You've made a few very strange posts this evening. :-)

Ian

Thread: Failed PhD

posted
14-Jul-15, 20:37
edited about 7 seconds later
Avatar for Mackem_Beefy
posted about 4 years ago
Quote From adamA:
I attended the hearing today and before the judge introduce themselves; the chairman mentioned that I have a very strong appeal grounds and I could see sympathy and anger in his eyes.

They ask me to give my statement. All I said, you have my length (20 pages) appeal statement and there is no point for me to repeat the same thing. All I want is to be examined fairly like every other PhD students in our university and I want to be examined by two examiners who are expert in my field.

After that, they ask couple simple questions to verify my statement and they ask me to step outside. After 30 minute they call me in and said they have approved my appeal.

They quashed the examiners decision, and have given me 12 months to do any changes as I wish and a fresh Viva examination.

If you find yourself in my situation and I hope you don’t, send me a private message, I do my best to help and advise you what to do. There are many things which can help your appeal but you don’t know. I have read many rule, regulation and UK quality for higher education (QAA) regulation and learn a lot form them.
After I put my story on here, I had a private message from (Scrabbler) and he gave me a very good advice which strengthened my appeal statement significantly and I’m very grateful for that.

I will be letting you know when I set my new Viva and how the examination goes


Adam,

Is the new viva with fresh examiners? You've not made that clear.

Apart from that, nice one lad!!! :-)

Ian

Thread: The strange post-PhD year (or more) - what did/will you do?

posted
05-Jul-15, 20:57
edited about 15 seconds later
Avatar for Mackem_Beefy
posted about 4 years ago
Quote From MrDoctor:
Thanks for all of your helpful replies!

Ian (Mackem_Beefy), I find your post really intriguing because it resonates strongly with me.

The PhD has nearly broken me. I posted on here a while back that I was in a constant state of worry, anxiety and am generally burnt out. Yes my CV looks great, but it's come at a cost.

The notion of a quiet two years or so is very interesting. I *do* feel like I need to find myself again. I'm still me, but with some scratches and bruises which weren't there 3 years ago.

It's a constant battle in my mind. On side 1 is the voice saying "you've got a PhD and a teaching qualification, so you should be working in academia now. If you aren't, you've failed". On side 2, and we'll call this guy Mr. Rational(!), the voice is saying "take some time out! You're not even 30 yet, and you've been in education for over a decade on and off. Get a job you enjoy which pays enough to keep you happy, keep researching in the background and building your profile up, and each time a job comes up, go for it. One day, you'll get one".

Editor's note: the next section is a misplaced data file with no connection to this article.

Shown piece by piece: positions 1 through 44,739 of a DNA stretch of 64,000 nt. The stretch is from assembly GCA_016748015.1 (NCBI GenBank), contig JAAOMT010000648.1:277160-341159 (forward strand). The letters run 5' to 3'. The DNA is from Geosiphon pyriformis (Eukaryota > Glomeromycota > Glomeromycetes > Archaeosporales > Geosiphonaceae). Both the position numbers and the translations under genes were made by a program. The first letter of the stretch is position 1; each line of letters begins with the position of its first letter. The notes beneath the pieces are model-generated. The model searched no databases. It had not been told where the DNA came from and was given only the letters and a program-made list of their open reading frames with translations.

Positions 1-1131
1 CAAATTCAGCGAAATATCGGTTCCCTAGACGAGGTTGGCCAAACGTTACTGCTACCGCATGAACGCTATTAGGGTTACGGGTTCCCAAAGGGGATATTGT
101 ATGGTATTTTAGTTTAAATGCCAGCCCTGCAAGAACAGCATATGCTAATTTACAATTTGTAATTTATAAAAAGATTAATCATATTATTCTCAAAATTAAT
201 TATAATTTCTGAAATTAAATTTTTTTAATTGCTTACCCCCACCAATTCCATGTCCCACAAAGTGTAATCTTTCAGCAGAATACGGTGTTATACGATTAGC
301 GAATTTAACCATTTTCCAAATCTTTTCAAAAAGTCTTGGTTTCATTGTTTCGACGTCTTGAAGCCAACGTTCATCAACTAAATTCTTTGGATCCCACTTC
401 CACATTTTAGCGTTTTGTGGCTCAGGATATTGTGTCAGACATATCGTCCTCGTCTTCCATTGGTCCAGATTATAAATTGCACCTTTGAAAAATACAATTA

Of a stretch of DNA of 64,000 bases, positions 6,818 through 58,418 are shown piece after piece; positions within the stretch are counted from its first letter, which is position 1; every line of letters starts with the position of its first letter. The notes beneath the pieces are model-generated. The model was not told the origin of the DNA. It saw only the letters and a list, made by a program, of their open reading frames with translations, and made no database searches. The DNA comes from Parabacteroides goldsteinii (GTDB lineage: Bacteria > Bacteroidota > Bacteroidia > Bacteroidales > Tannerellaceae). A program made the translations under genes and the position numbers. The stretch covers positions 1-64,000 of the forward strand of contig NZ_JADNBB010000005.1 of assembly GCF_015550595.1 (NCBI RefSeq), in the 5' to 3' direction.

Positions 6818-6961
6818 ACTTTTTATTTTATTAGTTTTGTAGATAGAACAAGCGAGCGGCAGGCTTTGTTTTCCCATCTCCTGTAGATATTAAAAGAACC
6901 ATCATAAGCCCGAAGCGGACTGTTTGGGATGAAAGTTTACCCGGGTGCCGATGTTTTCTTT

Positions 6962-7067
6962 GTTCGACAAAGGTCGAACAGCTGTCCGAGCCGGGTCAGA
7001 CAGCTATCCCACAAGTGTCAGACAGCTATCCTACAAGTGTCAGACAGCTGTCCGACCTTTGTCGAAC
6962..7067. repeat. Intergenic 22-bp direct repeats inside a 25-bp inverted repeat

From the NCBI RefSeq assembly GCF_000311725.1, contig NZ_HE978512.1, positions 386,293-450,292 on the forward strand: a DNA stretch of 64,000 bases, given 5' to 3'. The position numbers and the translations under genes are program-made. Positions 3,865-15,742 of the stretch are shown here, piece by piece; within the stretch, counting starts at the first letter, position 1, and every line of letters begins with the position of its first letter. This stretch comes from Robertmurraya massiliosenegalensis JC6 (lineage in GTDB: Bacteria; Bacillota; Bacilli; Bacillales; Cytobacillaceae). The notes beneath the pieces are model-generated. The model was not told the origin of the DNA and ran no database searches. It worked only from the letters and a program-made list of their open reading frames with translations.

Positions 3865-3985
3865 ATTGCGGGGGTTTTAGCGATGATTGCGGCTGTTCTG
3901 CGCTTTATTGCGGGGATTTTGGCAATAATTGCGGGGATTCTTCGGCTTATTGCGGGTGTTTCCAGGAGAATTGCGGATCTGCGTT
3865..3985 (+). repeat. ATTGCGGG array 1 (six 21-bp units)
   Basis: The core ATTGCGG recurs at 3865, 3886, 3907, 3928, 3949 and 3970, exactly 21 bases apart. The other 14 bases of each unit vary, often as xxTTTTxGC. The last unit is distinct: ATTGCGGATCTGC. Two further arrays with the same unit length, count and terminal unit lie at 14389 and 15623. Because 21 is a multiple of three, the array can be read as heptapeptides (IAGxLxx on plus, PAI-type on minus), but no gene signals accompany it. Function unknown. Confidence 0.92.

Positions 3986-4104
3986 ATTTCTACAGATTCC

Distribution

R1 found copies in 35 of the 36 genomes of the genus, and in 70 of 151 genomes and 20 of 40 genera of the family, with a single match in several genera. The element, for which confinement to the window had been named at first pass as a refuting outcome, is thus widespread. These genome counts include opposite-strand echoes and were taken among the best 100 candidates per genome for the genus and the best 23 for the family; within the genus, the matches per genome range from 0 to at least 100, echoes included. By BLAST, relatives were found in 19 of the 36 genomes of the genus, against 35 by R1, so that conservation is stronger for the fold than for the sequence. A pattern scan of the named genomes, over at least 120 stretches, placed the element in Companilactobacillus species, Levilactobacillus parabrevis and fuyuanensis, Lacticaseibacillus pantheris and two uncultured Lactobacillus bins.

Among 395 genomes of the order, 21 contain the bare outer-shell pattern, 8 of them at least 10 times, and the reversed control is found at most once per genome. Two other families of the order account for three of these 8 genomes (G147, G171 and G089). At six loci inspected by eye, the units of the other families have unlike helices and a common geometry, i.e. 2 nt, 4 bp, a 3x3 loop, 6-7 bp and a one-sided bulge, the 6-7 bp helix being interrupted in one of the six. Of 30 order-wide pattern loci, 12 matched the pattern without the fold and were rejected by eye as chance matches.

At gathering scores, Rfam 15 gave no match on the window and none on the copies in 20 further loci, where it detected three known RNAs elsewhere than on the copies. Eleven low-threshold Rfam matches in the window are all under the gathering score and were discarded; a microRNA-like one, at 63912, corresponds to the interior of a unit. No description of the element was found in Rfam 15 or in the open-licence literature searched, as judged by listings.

The key question is - how do you make Side 2 triumph over Side 1?!


You need side 2 to make sense of side one is my take. You can't stay in hyper mode for ever or your health will suffer, physically or mentally. You've just got to browse this forum for half an hour or so to see where people have been at the end of their tether.

Ian

Thread: MPhil without Phd

posted
05-Jul-15, 11:30
edited about 25 seconds later
Avatar for Mackem_Beefy
posted about 4 years ago
To go just for an MPhil without PhD will probably not add anything to your CV.

An MPhil is seen by many as a poor relation to a PhD. It's what's awarded when a PhD candidate has failed to make an original contribution or new data to their field.

A taught Masters is a different matter, in that clear skills are being added to your repertoire. This makes a taught Masters an easier sell and better justification of your time in education and out of the jobs market.

I personally would give just an MPhil a miss, the one exception being if it was as part of a teaching company scheme with a placement in industry. With a teaching company scene, you're at least picking up real saleable work place skills.

Ian

Thread: The strange post-PhD year (or more) - what did/will you do?

posted
04-Jul-15, 19:55
edited about 28 seconds later
Avatar for Mackem_Beefy
posted about 4 years ago
The post-PhD year varies depending upon the person. With me, it was to try to have a quiet post-doc period whilst I got my head sorted out. The truth is I wasn't sure where to go to begin with, so I needed time to think. Unfortunately, changes in my friends' lives and other factors meant it didn;t quite work out that way.

I went from hyper to nothing in about 10 days. Minor corrections, sorted within a week, then I suddenly realised I had my life back when out for a walk one lunchtime.

After a few big holidays (I'd not had a decent holiday for a few years due to the PhD and family problems) I decided in a change in direction and applied for post-doc at another University. For reasons I'll not go into (already discussed on here a number of times), it didn't work out as the decision was rushed at the behest of some well meaning relatives and it was not a position that was right for me - I wish I'd looked around a little longer. But that's a long time ago.